Review: The Pillow Book of Sei Shonagon
(translated and edited by Ivan Morris)
(A keeper? Yes, yes, yes.)
Such a strange book. About a thousand years ago, the woman we remember as “Sei Shonagon” (Sei was her family name; Shonagon was a rank or job title – so it’s a little bit like knowing her only as “Assistant Director Johnson”) worked as a lady in waiting to the Empress – well, one of the Empresses – of Japan. (Emperors of the time routinely had several wives, plus various ladies of lower status.) “Her” empress gave Sei Shonagon a supply of blank paper, and she used it to record her experiences and opinions, things she saw and did and thought and said.
Notice all the parenthetical explanations I had to stick into that first paragraph? Well, let’s get the most annoying flaw of this book out of the way right now: Sei Shonagon lived in an alien world. Many of the details of her daily life make no sense at all to us, without explanations. And, in the Ivan Morris edition, we certainly get explanations. Footnote after footnote…many of them are interesting in themselves, all of them are informative, but there are So. Many. Of. Them – a total of 584 footnotes for 264 pages.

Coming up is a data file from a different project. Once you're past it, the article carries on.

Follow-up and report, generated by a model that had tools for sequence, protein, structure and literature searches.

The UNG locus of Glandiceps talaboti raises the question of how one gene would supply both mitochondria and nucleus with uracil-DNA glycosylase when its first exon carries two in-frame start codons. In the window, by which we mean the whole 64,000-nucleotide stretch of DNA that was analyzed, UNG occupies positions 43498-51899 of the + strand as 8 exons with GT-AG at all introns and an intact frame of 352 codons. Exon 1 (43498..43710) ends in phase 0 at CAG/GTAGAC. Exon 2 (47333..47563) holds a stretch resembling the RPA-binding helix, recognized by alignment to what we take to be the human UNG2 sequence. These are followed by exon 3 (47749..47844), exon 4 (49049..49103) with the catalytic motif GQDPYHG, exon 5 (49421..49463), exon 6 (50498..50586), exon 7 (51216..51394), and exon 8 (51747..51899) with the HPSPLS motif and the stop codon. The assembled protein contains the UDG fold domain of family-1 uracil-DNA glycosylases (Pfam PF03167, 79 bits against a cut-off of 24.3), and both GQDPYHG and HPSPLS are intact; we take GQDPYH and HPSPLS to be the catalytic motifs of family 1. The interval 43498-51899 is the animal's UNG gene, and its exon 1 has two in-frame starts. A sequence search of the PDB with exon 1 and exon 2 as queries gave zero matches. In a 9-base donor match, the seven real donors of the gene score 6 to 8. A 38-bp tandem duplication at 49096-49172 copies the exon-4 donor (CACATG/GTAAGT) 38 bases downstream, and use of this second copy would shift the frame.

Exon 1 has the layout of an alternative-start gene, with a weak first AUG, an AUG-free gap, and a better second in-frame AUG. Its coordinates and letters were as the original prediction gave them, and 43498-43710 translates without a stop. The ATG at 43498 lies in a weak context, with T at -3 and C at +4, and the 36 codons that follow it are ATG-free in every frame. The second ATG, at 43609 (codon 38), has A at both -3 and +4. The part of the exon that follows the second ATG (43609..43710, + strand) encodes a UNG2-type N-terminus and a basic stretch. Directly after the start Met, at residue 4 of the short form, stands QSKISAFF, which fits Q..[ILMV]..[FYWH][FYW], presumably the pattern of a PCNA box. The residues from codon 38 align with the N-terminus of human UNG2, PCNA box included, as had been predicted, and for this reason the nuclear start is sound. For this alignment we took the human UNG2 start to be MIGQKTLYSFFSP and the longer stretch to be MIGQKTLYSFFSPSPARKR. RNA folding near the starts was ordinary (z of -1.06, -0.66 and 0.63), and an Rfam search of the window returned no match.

Actually, if you don’t already know something about Heian Japan, you should probably start by reading through the Appendices, which will introduce you to the basics of Sei’s world. The drawings of houses and clothes – so important to her, and so different from what we’re familiar with – are particularly useful.
By this time, you’re probably wondering if it’s worth your time to bother with the Pillow Book. Yes, it is. Not every writer can make you care about ancient gossip and scandals; Sei Shonagon can. (Maybe it helps that, to her, all of this involved cutting edge fashion and life-or-death politics.)
More than anything, reading the Pillow Book is like reading a really good blog, one where you never know what the next post will focus on. There are lists – often funny – of things she finds offensive or beautiful or embarrassing. There are odd little incidents involving people she knows and likes or dislikes. She gives us vivid short stories, probably fictional, about the adventures of young men at court, or tells us how the court ladies built a snow mountain and made bets about when it would melt away – and then tried to manipulate the results.
And, just when we’re overcome by the strangeness of her world, she gives us something universal: “Adorable Things:….One picks up a pretty baby and holds him for a while…he clings to one’s neck and then falls asleep.”